Parent Education, Children of Incarcerated Parents, Intergenerational Transfer of Parenting Patterns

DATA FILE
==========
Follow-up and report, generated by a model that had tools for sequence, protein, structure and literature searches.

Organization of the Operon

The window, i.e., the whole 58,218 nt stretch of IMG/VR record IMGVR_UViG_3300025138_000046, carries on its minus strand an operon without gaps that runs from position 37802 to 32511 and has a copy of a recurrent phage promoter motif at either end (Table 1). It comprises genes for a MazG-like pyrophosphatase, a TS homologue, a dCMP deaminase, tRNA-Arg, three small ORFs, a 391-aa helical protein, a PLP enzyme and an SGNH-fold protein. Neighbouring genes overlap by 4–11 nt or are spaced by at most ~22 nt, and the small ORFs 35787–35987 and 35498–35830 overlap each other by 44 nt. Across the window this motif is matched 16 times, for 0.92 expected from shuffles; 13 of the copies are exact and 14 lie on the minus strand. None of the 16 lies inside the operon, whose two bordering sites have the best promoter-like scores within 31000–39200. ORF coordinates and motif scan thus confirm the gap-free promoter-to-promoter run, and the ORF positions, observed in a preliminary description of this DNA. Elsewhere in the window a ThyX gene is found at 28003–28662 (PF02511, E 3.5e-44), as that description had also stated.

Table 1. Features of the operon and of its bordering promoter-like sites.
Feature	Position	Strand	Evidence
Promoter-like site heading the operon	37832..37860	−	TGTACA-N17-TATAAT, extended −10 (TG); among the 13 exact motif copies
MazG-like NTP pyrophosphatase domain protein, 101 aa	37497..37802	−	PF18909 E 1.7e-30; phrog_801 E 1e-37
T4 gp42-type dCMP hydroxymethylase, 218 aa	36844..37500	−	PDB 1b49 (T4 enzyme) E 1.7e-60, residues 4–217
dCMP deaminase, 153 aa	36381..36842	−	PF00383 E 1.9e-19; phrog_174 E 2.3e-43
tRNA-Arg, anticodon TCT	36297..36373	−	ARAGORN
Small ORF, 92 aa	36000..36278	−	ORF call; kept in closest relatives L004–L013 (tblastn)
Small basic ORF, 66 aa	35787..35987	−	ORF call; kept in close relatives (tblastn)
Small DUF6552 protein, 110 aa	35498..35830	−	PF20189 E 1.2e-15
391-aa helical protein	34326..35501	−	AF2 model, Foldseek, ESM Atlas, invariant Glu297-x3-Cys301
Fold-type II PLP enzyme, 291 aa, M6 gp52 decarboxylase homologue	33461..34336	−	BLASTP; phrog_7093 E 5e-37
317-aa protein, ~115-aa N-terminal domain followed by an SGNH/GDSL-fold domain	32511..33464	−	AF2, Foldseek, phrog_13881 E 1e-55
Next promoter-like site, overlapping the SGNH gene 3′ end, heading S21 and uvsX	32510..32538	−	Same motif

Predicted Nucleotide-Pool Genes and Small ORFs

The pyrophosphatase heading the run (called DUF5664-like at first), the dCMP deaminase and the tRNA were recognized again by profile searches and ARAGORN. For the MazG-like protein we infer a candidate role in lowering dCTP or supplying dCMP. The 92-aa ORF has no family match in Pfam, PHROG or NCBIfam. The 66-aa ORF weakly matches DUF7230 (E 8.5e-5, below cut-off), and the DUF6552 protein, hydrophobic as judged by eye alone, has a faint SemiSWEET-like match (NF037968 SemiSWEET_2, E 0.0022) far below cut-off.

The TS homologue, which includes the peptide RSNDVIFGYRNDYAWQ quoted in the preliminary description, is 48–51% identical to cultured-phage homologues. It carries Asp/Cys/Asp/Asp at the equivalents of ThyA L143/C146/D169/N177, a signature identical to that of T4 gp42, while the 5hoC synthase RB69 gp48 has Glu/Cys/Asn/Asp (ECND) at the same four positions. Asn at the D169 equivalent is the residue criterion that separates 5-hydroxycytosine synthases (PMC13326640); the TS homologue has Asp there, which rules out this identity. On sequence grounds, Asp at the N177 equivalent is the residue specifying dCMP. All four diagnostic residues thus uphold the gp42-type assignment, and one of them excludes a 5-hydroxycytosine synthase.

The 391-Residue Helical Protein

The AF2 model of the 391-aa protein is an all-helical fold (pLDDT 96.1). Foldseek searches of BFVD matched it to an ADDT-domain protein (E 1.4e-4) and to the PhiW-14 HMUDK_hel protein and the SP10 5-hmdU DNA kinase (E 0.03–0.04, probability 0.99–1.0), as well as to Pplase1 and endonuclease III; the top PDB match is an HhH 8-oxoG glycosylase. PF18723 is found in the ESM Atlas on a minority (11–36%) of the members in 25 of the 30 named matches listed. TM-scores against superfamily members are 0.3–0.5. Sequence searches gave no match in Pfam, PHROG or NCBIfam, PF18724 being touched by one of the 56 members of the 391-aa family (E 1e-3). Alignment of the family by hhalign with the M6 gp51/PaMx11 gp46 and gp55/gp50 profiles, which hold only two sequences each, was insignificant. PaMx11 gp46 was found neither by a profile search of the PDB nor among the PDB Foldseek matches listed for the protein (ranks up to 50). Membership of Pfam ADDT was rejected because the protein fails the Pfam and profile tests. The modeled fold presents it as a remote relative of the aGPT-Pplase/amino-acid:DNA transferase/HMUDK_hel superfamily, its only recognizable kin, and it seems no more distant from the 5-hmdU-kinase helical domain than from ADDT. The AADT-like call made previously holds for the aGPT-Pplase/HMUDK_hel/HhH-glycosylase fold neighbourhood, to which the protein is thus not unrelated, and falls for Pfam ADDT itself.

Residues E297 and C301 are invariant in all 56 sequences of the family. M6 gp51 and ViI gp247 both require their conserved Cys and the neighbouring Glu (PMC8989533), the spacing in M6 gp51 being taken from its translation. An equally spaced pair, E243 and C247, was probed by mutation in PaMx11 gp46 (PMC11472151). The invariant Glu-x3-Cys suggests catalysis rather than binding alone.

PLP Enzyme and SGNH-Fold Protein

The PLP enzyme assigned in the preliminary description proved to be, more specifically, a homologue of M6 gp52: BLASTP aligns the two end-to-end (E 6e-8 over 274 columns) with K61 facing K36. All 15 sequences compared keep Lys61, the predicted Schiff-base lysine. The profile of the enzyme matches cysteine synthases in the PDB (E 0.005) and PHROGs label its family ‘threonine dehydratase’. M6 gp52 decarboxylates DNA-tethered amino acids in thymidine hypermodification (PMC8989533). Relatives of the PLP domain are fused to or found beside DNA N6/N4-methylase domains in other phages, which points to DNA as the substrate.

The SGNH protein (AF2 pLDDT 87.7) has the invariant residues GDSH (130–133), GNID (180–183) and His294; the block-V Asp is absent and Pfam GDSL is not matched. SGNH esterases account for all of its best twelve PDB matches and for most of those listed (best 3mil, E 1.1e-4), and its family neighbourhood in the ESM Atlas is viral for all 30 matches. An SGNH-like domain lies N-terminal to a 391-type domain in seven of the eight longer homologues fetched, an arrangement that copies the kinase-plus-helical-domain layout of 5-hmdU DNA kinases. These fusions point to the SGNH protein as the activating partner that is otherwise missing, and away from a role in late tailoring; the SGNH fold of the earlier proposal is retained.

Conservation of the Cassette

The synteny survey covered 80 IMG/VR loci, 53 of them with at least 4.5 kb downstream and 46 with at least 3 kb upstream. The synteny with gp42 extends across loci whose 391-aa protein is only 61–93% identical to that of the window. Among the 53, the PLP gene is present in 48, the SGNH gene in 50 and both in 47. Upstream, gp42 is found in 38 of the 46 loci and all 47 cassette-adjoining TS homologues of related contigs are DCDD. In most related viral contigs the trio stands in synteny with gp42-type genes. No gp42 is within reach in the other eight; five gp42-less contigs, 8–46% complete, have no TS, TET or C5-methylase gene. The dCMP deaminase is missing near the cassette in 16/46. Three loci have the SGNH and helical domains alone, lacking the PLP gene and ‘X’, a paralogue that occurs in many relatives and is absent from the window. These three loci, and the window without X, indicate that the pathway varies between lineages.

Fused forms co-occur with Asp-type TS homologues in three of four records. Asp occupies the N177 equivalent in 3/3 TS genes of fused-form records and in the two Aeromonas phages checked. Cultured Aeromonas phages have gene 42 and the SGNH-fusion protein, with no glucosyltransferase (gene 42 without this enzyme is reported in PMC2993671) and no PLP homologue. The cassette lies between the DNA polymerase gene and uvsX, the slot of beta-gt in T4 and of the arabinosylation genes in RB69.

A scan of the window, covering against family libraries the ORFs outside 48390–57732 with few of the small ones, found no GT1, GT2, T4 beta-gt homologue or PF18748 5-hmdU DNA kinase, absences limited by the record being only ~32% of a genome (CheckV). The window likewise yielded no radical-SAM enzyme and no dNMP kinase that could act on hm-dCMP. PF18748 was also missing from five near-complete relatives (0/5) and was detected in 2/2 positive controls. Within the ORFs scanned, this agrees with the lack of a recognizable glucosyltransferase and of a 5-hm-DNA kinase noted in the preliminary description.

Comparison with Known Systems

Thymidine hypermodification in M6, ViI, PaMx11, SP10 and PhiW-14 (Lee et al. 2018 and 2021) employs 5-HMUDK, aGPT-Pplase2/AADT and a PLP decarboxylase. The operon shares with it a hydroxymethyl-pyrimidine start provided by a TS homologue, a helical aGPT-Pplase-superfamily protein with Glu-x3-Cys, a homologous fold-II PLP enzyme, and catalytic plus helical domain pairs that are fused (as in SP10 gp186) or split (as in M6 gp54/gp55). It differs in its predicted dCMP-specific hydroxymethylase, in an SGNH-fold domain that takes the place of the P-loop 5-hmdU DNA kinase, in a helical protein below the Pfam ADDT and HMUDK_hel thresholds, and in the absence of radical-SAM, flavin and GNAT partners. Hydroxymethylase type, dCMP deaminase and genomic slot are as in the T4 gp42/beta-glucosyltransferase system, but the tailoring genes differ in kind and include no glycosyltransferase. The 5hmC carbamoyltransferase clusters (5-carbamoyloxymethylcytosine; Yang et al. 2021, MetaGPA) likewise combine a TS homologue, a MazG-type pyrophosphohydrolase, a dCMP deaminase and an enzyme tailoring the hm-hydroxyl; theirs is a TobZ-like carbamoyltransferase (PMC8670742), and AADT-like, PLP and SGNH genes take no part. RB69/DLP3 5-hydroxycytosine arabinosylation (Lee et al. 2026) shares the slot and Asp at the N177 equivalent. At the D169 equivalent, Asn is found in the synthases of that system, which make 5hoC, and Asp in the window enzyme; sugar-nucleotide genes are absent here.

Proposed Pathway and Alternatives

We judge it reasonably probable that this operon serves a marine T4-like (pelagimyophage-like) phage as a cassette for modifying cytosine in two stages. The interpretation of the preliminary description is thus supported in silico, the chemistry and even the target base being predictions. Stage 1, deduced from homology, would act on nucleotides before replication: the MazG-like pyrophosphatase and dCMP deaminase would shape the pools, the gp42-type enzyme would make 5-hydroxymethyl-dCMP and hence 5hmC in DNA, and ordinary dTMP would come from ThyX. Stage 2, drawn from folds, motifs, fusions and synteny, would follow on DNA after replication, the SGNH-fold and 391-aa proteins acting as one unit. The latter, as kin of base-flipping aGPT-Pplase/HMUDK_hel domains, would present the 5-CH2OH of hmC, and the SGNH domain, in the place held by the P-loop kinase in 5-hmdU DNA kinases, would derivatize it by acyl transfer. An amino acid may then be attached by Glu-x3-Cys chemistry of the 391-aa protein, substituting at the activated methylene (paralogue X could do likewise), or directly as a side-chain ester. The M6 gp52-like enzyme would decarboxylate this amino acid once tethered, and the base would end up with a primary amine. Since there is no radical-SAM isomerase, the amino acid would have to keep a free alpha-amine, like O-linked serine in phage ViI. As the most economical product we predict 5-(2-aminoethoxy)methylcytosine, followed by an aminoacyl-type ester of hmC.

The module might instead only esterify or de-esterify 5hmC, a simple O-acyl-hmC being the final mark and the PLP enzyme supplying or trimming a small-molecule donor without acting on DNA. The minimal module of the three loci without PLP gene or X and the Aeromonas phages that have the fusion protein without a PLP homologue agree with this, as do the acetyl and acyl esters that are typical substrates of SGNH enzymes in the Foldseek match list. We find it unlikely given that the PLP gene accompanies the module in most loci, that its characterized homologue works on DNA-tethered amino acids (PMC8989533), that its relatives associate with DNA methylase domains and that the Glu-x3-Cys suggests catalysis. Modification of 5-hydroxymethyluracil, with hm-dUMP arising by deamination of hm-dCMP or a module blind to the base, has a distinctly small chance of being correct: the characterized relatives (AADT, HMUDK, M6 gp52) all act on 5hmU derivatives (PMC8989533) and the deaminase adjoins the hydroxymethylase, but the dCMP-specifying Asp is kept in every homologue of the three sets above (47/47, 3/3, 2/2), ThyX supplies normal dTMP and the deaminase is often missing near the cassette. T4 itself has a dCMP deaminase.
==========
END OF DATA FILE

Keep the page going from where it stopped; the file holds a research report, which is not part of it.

An attachment-based, psychotherapeutic parent education course was created for incarcerated mothers and fathers to improve their ability to provide positive parenting and a more stable home environment for their children. The current study assessed the effects of this parenting curriculum on parents’ tendencies to be abusive, their sense of efficacy and satisfaction as a parent, their psychological distress, and their knowledge of child development and positive child guidance strategies. Results of pre-post assessments showed a significant improvement in parents’ sense of efficacy and satisfaction in the parenting role; their knowledge, skills, and behavior as a parent; their understanding of child development; their knowledge of alternatives to using corporal punishment; establishing appropriate parent-child boundaries; and they were less likely to view their child’s independence as a threat. Females showed a significant decrease in distress symptoms. Results are discussed in terms of the critical need for effective, high-quality parent education to break the intergenerational cycle of poor parenting for this at-risk population.
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